Posts Tagged "Farid Nayer Habibi"

Feature Artist: Nellie Nakamarra Marks

Feature Artist: Nellie Nakamarra Marks

Nellie belongs to the Pintubi clan from the Kintore area in Central Australia. She was taught to paint by many of the founders of the desert art movement, includingOld Mick Namarrari, Uta Uta, Pinta Pinta and her father, the great master Turkey Tolson Tjupurrula. Nellie has learned the Dreamings of her family ever since she was a small child. Her subjects are primarily Lightning dreaming, Women’s stories and Women’s Tingari from her father’s and her grandfather’s country which lies to the east of Kintore in the Northern Territory. Women’s Dreaming stories depicts her family as they move...

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Feature Artist: Linda Syddick

Feature Artist: Linda Syddick

Linda Yunkata Syddick Napaltjarri (born c. 1937) is a Pintupi– and Pitjantjatjara– speaking Indigenous artist from Australia’s Western Desert region. Her father was killed by a revenge spearing party in accordance with customary Law when Linda was about eighteen months old; her mother later married Shorty Lungkarta Tjungarrayi, an artist whose work was a significant influence on Linda’s painting. Until the age of nine, Linda was raised in the traditional nomadic fashion, after which her family walked out of the desert to settle at the Lutheran Mission at Haasts Bluff...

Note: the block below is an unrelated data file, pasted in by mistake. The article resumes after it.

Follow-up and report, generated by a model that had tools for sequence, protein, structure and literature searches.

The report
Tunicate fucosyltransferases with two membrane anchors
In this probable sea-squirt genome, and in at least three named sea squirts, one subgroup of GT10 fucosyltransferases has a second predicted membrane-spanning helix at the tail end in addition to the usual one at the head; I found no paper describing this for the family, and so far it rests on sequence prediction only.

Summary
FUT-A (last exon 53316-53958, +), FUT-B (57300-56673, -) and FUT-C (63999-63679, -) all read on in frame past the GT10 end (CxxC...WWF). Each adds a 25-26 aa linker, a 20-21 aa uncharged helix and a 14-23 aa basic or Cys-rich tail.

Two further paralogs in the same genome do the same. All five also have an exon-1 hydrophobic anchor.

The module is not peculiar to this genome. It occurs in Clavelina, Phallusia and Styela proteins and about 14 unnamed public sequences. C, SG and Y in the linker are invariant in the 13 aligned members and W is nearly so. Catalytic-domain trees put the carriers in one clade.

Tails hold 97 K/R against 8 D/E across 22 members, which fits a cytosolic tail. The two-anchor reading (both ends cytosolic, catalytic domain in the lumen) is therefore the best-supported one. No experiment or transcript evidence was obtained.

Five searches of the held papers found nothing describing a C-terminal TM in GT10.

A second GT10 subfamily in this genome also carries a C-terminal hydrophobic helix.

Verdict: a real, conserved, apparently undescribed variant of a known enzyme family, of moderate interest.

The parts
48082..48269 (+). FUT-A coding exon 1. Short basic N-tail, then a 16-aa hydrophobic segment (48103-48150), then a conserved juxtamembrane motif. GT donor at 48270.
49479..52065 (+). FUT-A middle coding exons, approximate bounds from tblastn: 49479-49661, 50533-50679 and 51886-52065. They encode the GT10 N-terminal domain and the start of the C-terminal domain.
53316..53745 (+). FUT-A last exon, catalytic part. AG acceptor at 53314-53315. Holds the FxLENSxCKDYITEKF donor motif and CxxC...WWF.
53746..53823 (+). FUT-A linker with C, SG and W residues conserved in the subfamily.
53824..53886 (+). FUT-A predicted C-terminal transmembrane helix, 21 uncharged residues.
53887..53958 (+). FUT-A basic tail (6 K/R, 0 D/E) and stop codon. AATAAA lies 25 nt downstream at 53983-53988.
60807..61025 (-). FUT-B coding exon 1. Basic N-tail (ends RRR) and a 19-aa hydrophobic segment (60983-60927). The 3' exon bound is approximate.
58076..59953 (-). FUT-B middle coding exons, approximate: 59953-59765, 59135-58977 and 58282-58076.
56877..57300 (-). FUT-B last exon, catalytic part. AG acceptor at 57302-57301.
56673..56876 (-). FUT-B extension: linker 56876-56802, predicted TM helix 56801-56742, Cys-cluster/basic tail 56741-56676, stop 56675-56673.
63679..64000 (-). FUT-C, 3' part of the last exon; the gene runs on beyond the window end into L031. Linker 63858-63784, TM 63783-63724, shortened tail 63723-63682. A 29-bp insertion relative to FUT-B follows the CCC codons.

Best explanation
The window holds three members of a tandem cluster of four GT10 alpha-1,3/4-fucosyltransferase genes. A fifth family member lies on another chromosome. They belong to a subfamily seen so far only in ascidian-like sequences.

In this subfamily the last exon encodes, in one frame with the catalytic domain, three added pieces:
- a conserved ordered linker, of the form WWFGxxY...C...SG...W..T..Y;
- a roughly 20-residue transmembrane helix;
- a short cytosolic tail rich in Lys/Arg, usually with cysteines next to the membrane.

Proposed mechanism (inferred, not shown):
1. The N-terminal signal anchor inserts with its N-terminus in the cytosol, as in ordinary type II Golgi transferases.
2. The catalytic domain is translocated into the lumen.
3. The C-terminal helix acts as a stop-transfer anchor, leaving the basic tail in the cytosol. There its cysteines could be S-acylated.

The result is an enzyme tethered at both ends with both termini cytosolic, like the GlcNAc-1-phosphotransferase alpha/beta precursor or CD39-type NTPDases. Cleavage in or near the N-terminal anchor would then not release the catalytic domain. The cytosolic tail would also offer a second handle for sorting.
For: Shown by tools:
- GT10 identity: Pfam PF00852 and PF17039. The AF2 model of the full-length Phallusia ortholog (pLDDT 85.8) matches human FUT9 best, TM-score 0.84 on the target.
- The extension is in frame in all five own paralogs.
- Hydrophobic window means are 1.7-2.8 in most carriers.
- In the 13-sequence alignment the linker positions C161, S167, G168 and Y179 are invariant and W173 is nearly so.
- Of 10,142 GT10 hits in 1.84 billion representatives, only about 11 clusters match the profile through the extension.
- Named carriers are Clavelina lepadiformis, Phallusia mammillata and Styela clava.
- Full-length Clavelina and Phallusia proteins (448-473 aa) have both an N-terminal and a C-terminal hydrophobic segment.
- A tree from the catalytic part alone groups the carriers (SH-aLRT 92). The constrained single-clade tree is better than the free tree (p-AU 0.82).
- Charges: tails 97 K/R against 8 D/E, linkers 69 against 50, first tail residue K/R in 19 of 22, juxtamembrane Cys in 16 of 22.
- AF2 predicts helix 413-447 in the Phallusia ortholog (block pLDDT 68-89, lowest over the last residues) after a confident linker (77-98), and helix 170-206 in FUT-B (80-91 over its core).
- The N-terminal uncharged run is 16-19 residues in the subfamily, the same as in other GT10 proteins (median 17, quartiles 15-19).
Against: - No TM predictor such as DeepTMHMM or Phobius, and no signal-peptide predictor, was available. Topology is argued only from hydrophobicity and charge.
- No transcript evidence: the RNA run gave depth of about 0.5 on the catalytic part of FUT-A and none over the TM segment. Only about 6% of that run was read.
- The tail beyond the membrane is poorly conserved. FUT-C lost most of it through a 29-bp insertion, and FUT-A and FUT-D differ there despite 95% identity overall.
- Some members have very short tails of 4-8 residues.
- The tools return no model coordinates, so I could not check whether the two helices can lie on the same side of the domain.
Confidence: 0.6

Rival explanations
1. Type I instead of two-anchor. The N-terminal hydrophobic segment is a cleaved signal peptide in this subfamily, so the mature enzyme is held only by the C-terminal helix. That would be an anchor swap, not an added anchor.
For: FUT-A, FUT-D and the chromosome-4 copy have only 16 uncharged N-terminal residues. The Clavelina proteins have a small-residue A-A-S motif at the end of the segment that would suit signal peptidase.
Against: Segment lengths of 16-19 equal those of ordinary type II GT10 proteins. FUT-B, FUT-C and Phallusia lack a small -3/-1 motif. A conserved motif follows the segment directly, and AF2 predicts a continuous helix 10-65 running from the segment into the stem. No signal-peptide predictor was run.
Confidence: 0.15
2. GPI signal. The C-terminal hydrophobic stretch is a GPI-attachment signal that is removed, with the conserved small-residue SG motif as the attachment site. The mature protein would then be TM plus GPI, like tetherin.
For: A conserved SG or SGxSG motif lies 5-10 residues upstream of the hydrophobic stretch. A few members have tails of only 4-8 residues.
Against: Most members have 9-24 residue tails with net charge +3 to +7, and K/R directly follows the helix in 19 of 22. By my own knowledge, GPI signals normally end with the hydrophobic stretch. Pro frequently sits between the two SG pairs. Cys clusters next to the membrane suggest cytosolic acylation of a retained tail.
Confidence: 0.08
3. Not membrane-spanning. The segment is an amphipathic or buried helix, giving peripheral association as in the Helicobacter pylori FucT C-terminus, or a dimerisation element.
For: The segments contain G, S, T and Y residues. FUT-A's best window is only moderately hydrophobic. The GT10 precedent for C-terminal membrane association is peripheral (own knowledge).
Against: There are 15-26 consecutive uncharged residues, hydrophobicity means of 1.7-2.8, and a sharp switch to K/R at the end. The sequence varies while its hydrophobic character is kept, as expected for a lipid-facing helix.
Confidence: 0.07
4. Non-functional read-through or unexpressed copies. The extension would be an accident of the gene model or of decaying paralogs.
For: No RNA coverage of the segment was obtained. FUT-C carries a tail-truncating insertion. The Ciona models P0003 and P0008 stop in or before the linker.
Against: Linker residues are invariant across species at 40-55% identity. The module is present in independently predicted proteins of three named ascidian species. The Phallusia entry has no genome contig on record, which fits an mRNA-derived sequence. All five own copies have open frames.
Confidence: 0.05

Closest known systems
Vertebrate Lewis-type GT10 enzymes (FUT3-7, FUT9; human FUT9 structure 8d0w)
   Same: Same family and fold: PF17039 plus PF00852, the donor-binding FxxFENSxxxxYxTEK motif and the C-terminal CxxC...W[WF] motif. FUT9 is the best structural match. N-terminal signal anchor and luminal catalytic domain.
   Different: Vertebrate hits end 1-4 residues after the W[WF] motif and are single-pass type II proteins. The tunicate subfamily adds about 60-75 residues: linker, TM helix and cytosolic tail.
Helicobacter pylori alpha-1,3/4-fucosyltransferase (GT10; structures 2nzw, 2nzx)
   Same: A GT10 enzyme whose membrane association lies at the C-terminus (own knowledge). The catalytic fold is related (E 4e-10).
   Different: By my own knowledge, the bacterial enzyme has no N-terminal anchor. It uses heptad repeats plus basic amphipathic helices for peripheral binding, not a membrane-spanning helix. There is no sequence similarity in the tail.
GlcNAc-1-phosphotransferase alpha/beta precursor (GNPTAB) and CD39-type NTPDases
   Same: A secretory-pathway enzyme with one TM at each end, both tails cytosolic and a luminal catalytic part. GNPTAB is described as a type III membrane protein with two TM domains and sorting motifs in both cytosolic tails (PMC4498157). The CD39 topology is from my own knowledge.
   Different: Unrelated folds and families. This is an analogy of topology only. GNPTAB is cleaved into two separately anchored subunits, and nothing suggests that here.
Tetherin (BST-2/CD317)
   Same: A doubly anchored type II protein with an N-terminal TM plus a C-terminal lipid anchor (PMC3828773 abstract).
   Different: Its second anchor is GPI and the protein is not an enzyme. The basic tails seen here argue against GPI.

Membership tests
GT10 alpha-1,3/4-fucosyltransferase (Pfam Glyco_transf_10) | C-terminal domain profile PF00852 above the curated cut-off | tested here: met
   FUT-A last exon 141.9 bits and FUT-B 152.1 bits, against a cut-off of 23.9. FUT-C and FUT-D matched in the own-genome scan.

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The Story of Mother Earth – Uncle Pete

The Story of Mother Earth – Uncle Pete

The Story of Mother Earth. Artist: Uncle Pete The style of artwork used in retelling of this story comes from our mountain, Gunda Booka, on the road between Bourke and Cobar, NSW.  Our people have been using this style of artwork on cave walls since the beginning of time. The hand stencils are signatures we leave on the cave walls to let others know that we’ve travelled through on our way to ceremonies. The colours, too, have their own significance. The red ochre  is used by men who’ve attended ceremonies. For my people, the red ochre represents the blood of God, Mooka. Women who’ve attended...

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Acknowledgement Of Country & Welcome to Country

Protocols for welcoming visitors to country have been a part of Aboriginal culture for thousands of years. Despite the absence of fences or visible borders, Aboriginal groups had clear boundaries separating their countries. Permission was needed by travellers when crossing into another group’s country – similar to obtaining a visa. When permission was granted, the hosting group would welcome the visitors, offering them safe passage.     An acknowledgement of country is a protocol performed preceding an official meeting or formal activity. It acknowledges the Aboriginal...

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Traditional Aboriginal Hunting Tool: The Boomerang

Traditional Aboriginal Hunting Tool: The Boomerang

  Aboriginal people have an intimate understanding of their natural environment – as evident in their stories, songs, dances, and artwork. Though Aboriginal people’s tools vary by group and location, they share common characteristics such as knives, scrapers, ax-heads, spears, various vessels for eating and drinking, and digging sticks. In this post, we’ll be focusing on the most famous Aboriginal hunting tool: the boomerang. There are two types of boomerangs: The Returning Boomerang.   Arguably, the most iconic Aboriginal implement, the returning boomerang is...

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